Dr. C.B. Lampley was the doctor listed for this time period. Lampley was born in 1830 in Richmond County, NC. His family relocated to Alabama by 1850. He married Thurza Rudolph of Lowndes County. They had two children. In the 1860 census he enslaved four people, a 35 year old mulatto woman, a 30 year old black man, a fifteen year old mulatto girl and a 14 year old black male. They lived in two dwellings. He joined the Confederate Army where he became a surgeon. He was lamed and later resigned due to diabetes and general debility. During 1854 and 1855 he visited the Turner plantation to treat the enslaved – pulling teeth, lancing abscesses, bleeding and dosing with medication.
Recently I decided to find the plantation where my 2X great grandparents, Joe and Emma Turner were enslaved. I started by looking at white Turners in Hayneville, Lowndes County, Alabama where my family lived in 1870. I found Wiley Turner and his brother Thomas Turner. Both died in 1851. Wiley’s estate file contained several lists of those enslaved on his plantation. I found a Joe. I believe this is my Joe because there was only one Joe Turner in the area, because he is the right age and because he was described as “white”, and my great great grandfather Joe Turner was very light skinned.
Of the four lists, this first one is the most complete in that it includes names, ages and monetary worth. I will be writing more about the Turner plantation and those who were once enslaved on it, as I continue to try and piece together the lives of Joe and Emma Turner and others in their community.
Inventory; and Appraisement of the Est. of Wiley Turner, Deceased. February 1852. Those in maroon were set aside for his widow, Francis Turner.
Sex Name Aged Worth
1. Boy Andrew 20 $850.00
2. Girl Fanny 20 750.00
3. Boy Lewis (Tyus) 24 750.00
4. Girl Amy 29 550.00
5. Boy Mordicai 20 875.00
6. Girl Leah 20 650.00
7. Boy Billy (Tyus) 22 850.00
8. Girl Martha 20 700.00
9. Boy Toney 25 600.00
10. Woman Ellen & child 40 400.00
11. Girl Abby 14 550.00
12. Girl Little Margaret 13 500.00
13. Boy Alfred 22 700.00
14. Woman Maria & child Ranson 30 500.00
15. Girl Little Jane 9 250.00
16. Girl Louisa 4 250.00
17. Girl Adella 2 175.00
18. Man Doctor 55 240.00
19. Woman Mary 50 175.00
20. Girl Eliza 14 600.00
21. Girl Minerva 12 450.00
22. Girl Amanda 10 350.00
23. Man Lewis 18 750.00
24. Woman Lucy 30 400.00
25. Man Adam 22 500.00
26. Girl Mary Ellen & boy Edward 18 800.00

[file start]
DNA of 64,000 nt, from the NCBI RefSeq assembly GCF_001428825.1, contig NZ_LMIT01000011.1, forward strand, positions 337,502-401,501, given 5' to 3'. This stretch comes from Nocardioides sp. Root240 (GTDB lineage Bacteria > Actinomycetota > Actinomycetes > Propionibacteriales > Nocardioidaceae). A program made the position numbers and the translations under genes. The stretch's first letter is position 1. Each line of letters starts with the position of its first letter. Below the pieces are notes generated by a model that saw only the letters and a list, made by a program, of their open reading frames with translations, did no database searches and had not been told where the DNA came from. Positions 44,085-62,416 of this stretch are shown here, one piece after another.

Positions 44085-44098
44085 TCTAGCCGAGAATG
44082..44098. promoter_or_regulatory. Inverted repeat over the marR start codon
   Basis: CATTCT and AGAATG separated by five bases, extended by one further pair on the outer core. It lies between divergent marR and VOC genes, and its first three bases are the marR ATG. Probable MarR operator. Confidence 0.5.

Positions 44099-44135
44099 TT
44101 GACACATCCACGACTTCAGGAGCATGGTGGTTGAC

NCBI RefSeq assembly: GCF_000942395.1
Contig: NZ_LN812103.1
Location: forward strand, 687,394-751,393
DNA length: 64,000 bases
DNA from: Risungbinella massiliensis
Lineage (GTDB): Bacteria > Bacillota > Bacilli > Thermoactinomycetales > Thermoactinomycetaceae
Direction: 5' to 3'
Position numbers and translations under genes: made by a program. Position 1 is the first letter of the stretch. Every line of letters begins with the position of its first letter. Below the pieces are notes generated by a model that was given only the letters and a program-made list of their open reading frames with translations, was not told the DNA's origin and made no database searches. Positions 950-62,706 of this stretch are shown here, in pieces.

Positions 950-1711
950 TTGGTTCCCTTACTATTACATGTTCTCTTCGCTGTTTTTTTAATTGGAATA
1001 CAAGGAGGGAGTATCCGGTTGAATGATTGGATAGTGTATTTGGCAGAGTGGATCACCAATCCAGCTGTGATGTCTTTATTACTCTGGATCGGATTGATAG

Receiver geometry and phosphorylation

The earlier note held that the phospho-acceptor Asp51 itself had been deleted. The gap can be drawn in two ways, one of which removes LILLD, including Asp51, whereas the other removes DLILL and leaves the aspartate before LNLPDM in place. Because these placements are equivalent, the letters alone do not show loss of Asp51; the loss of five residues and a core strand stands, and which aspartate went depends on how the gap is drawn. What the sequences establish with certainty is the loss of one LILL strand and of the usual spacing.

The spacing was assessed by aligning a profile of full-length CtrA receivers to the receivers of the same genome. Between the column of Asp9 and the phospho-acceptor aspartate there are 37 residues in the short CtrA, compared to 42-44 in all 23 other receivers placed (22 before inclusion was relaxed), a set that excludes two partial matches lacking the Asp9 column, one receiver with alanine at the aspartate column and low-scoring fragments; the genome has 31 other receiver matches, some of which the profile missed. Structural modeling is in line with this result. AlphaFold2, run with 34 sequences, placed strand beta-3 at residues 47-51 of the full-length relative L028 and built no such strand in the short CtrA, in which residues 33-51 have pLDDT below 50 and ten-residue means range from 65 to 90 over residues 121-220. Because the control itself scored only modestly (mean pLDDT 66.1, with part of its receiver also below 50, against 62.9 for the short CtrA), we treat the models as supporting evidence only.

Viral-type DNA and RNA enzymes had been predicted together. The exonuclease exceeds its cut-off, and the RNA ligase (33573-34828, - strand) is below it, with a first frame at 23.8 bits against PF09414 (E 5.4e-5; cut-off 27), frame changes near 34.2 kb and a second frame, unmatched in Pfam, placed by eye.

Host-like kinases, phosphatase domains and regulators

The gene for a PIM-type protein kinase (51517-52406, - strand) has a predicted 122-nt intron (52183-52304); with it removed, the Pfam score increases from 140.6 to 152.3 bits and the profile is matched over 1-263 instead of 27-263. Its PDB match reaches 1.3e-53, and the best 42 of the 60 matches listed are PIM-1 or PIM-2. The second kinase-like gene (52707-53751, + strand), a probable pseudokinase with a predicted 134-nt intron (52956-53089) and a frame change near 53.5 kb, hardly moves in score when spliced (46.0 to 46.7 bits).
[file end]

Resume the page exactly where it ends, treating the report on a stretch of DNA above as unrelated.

27. Man Jack 30 350.00
28. Woman Big Margaret 25 650.00
29. Boy Jesse (Tyus) 20 900.00
30. Woman Elizabeth 23 650.00
31. Man William 50 400.00
32. Woman Rachell 50 200.00
33. Boy Little Charles 8 450.00
34. Girl Susan 18 700.00
35. Girl Eliza 34 400.00
36. Girl Harriett 5 225.00
37. Man Sam 35 400.00
38. Woman Lyddy 30 400.00
39. Boy Henry (May) 19 900.00
40. Woman Ellen Brown 25 500.00
41. Man Robbin 25 800.00
42. Woman Cherry & child Louisa 36 400.00
43. Boy Prince 5 350.00
44. Woman Rachell (Patten) 28 700.00
45. Boy Robert 11 500.00
46. Boy Frank 6 300.00
47. Woman Maria Ann 16 700.00
48. Man Charles (Rugely) 23 850.00
49. Woman Rose & child Gabril 28 650.00
50. Boy Washington 14 700.00
51. Man John 24 800.00
52. Woman Nelly 49 200.00
53. Boy Abram 16 900.00
54. Man Big Jesse 26 450.00
55. Girl Jane 18 700.00
56. Girl Hager 23 500.00
57. Girl Abegail & child Ema 23 400.00
58. Woman Old Rachell 60 100.00
59. Man Frederick 23 850.00
60. Woman Clara & child Alford 35 500.00
61. Girl Sylvia 12 500.00
62. Girl Lucy 12 450.00
63. Girl Alice 8 350.00
64. Boy Freeman 6 350.00
65. Boy Harrison 6 350.00
66. Girl Julia Ann 3 200.00
67. Boy Henry (Turner) 18 875.00
68. Man Old Jim 45 400.00
69. Woman Menty 45 300.00
70. Boy Daniel 3 200.00
71. Man Ben 33 800.00
72. Woman Mary McQueen 28 500.00
73. Boy Harry 12 550.00
74. Woman Hannah 55 200.00
75. Boy George 13 600.00
76. Woman Betsey & child Caroline 23 800.00
77. Girl Phillis 8 375.00
78. Girl Peggy 3 225.00
79. Man Achilles 43 650.00
80. Woman Mariah Mosely 35 450.00
81. Girl Elvira 14 650.00
82. Boy Jim Swagert 18 800.00
83. Man Wilson 28 850.00
84. Woman Yellow Jinny 45 400.00
85. Man Martin 26 1,100.00
86. Woman Letty 21 300.00
87. Man Hardy 56 250.00
88. Boy Nelson 15 750.00
89. Boy Cary 13 700.00
90. Boy Lloyd 17 700.00
91. Boy Austin 16 800.00
92. Boy Long George 19 350.00
93. Boy Isaac 10 350.00
94. Boy Joe (white) 15 650.00
95. Boy Jim Patton 14 700.00
96. Woman Milly 55 150.00
97. Man Edmond 38 600.00
98. Man Tom 40 600.00
99. Boy Ned 11 475.00
100. Girl Emeline 9 350.00
101. Man Yellow John 24 875.00
102. Woman Yellow Milly 30 800.00
103. Boy Anthony infant (included with Milly)
104. Boy Little William 10 450.00
105. Boy Carter 6 350.00
106. Boy Braxton 4 250.00
107. Woman Alcey 40 200.00
108. Old Man Turner 65 1.00
109. Boy Frank (blind) 18 1.00
Joe and Emma Turner were the parents of Howard Turner who was my grandmother Fannie Mae Turner Graham’s father. You can see other posts about my Turner’s below.
My 2X great grandfather, Joe Turner was enumerated in the 1866 Alabama State census with his family of five living in Lowndes County, Alabama. In the 1870 census they were enumerated In Hayneville, Lowndes County. Joe was a farmer with $300 worth of personal goods. Neither he nor his wife Emma could read or write. The children were Lydia 8, Howard 7 (my great grandfather), Fannie 6, Joe 3 and Annie born in August of that year.